This former Industrial area has been undergoing a vast transformation over the last 10 or 15 years. False Creek skirts the southern edge of the Downtown core. Apart from one concrete plant, the old polluting industries that once lined this inlet off English Bay are long gone, to be replaced by Parkland, Housing, Marinas and Public Markets. The term "Creek", is really a misnomer, it is really an saltwater inlet stretching from Sunset Beach near the Burrard Street Bridge, eastwards almost to Main Street. Both sides of the creek are lined with pleasant walkways and a Seawall, although the south side is further along in its development than the North or downtown side. There is a water taxi from the foot of Howe street that will take you across to Granville Island Public Market (see below) on the South Side. Many visitors in Yachts, anchor in False Creek for free, sometimes for weeks and months. The city is set to clamp down on this practice, mainly because of illegal sewage dumping by these boats into the creek, and complaints of nearby residents of loud parties well into the night. If you are visiting by boat, check out False Creek Harbour Authority Home Page for moorage information. False creek is serviced by mini Ferries that will transport to and from various points for $2 to $5 depending on distance. This area is the site of the largest urban redevelopment project in North America. See also Granville Island in the table below.
False Creek is also the site of the annual Dragon Boat Festival, held in June. This is the largest Dragon Boat Festival in North America. See link in Spectator Sports section below.
This area at the South West Corner of West End (Davie & Denman Vicinity), is one of nicer areas to hang out in especially on a warm summer evening. Lots of great Restaurants, Beaches & Stanley Park. It even has its own web site at http://www.englishbay.com.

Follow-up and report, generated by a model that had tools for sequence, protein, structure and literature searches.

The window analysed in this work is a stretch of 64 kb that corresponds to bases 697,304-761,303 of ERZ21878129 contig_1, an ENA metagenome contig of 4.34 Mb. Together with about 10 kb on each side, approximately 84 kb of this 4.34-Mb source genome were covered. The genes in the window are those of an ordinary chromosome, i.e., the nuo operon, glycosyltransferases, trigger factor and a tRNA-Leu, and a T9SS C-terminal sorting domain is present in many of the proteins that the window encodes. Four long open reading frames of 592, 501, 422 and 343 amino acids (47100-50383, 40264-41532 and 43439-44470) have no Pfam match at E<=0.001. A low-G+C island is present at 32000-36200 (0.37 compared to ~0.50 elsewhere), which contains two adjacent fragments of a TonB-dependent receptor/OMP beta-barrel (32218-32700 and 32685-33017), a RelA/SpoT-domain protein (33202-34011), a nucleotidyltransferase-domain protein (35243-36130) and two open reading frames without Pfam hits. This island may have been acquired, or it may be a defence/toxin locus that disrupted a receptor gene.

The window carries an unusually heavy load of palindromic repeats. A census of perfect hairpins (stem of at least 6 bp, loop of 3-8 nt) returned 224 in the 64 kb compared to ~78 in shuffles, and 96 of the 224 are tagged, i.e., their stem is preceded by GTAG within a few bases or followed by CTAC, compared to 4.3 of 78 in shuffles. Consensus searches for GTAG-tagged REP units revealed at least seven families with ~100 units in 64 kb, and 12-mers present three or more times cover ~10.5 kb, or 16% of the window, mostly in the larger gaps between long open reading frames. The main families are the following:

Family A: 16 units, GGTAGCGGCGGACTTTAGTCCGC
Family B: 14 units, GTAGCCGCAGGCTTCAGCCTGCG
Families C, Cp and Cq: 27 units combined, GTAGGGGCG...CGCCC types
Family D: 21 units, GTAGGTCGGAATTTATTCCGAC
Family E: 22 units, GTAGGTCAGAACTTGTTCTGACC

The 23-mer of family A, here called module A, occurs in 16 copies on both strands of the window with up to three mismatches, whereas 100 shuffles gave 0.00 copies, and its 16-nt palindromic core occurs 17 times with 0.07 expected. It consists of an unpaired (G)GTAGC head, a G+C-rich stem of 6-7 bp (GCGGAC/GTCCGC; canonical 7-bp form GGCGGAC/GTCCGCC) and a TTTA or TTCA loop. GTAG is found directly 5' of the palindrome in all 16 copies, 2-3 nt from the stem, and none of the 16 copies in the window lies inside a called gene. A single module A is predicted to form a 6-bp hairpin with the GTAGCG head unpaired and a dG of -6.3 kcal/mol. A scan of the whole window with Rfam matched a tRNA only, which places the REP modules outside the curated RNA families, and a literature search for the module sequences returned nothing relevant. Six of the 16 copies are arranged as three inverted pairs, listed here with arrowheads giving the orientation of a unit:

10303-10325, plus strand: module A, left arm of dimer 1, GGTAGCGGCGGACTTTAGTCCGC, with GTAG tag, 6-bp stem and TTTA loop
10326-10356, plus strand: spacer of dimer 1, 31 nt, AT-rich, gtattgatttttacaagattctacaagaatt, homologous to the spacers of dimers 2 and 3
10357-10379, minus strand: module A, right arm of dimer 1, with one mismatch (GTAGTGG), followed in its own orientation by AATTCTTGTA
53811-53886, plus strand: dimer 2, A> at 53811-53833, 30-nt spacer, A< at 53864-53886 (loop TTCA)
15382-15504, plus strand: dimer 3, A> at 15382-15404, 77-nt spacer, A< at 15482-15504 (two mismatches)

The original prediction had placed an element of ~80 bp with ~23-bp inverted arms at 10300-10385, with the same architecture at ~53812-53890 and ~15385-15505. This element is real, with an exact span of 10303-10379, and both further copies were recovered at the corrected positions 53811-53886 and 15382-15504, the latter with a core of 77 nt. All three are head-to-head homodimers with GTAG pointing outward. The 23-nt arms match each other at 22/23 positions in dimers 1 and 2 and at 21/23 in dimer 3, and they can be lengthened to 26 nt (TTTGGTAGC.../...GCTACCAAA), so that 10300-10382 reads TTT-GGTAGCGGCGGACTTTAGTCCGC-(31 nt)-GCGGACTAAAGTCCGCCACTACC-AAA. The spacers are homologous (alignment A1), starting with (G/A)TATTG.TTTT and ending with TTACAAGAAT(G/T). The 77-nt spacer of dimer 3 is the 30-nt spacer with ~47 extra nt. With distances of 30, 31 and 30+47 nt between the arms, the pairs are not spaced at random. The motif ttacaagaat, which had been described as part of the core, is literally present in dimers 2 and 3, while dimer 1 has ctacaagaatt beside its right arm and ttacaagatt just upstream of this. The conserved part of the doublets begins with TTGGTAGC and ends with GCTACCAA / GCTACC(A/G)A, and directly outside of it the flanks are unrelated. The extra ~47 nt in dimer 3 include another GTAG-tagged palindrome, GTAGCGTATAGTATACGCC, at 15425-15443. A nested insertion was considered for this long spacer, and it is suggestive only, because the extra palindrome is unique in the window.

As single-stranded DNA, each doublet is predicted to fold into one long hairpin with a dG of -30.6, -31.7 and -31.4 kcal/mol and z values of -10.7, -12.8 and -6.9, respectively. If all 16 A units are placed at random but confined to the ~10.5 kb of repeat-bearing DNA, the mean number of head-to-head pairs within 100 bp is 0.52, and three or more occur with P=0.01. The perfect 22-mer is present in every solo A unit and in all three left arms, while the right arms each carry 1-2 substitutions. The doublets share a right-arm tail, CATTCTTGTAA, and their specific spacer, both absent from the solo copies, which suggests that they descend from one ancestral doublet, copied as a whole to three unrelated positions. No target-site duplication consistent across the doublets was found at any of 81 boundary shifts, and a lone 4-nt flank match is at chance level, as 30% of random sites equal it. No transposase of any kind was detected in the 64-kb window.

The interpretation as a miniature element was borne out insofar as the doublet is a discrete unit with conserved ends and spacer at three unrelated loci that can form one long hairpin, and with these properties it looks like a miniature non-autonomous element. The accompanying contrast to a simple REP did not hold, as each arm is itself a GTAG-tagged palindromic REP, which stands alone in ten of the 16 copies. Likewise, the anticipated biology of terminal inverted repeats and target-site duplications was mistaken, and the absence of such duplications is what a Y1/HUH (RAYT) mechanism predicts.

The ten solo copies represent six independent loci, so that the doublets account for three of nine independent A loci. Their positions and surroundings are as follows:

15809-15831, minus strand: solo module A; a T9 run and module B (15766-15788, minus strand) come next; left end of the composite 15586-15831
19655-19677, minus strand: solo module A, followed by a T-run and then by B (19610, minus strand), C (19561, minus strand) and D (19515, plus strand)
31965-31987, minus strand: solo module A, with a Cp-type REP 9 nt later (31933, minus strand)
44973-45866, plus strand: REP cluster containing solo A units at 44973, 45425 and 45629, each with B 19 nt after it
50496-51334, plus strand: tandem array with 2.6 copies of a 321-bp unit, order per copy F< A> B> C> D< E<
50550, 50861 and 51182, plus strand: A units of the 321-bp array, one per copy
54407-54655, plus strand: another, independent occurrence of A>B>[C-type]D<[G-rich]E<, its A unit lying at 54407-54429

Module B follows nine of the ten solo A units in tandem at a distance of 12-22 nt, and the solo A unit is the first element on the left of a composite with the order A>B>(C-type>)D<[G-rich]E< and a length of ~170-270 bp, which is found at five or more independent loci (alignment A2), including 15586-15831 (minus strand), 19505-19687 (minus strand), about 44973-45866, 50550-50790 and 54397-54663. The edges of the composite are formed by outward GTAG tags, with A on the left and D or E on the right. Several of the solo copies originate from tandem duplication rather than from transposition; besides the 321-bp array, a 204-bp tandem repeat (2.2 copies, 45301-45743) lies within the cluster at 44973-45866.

Gastown & Yaletown:
If you are into resurrected old areas, Gastown (Cordova St. from Richards to Abbott) and Yaletown(Nelson and Mainland St. area) are nice, but both are tourist traps. Yaletown less so than Gastown since it is still in the development stage. Gastown is the site of the original City of Vancouver, Yaletown is a former Warehouse area that is being redone. Both areas are within easy walking distance of downtown hotels.
Robson Street from Burrard to Stanley Park is also worth walking down, but it too is becoming very upscale. Robson Street is home to many street entertainers during the summer months, especially in the evening. It also features many outdoor cafes. Bring a fat wallet. This area is also within easy walking distance of downtown hotels. At its western end, Robson intercepts Denman street. This street from Robson south to the English Bay beaches is also a nice street to walk down.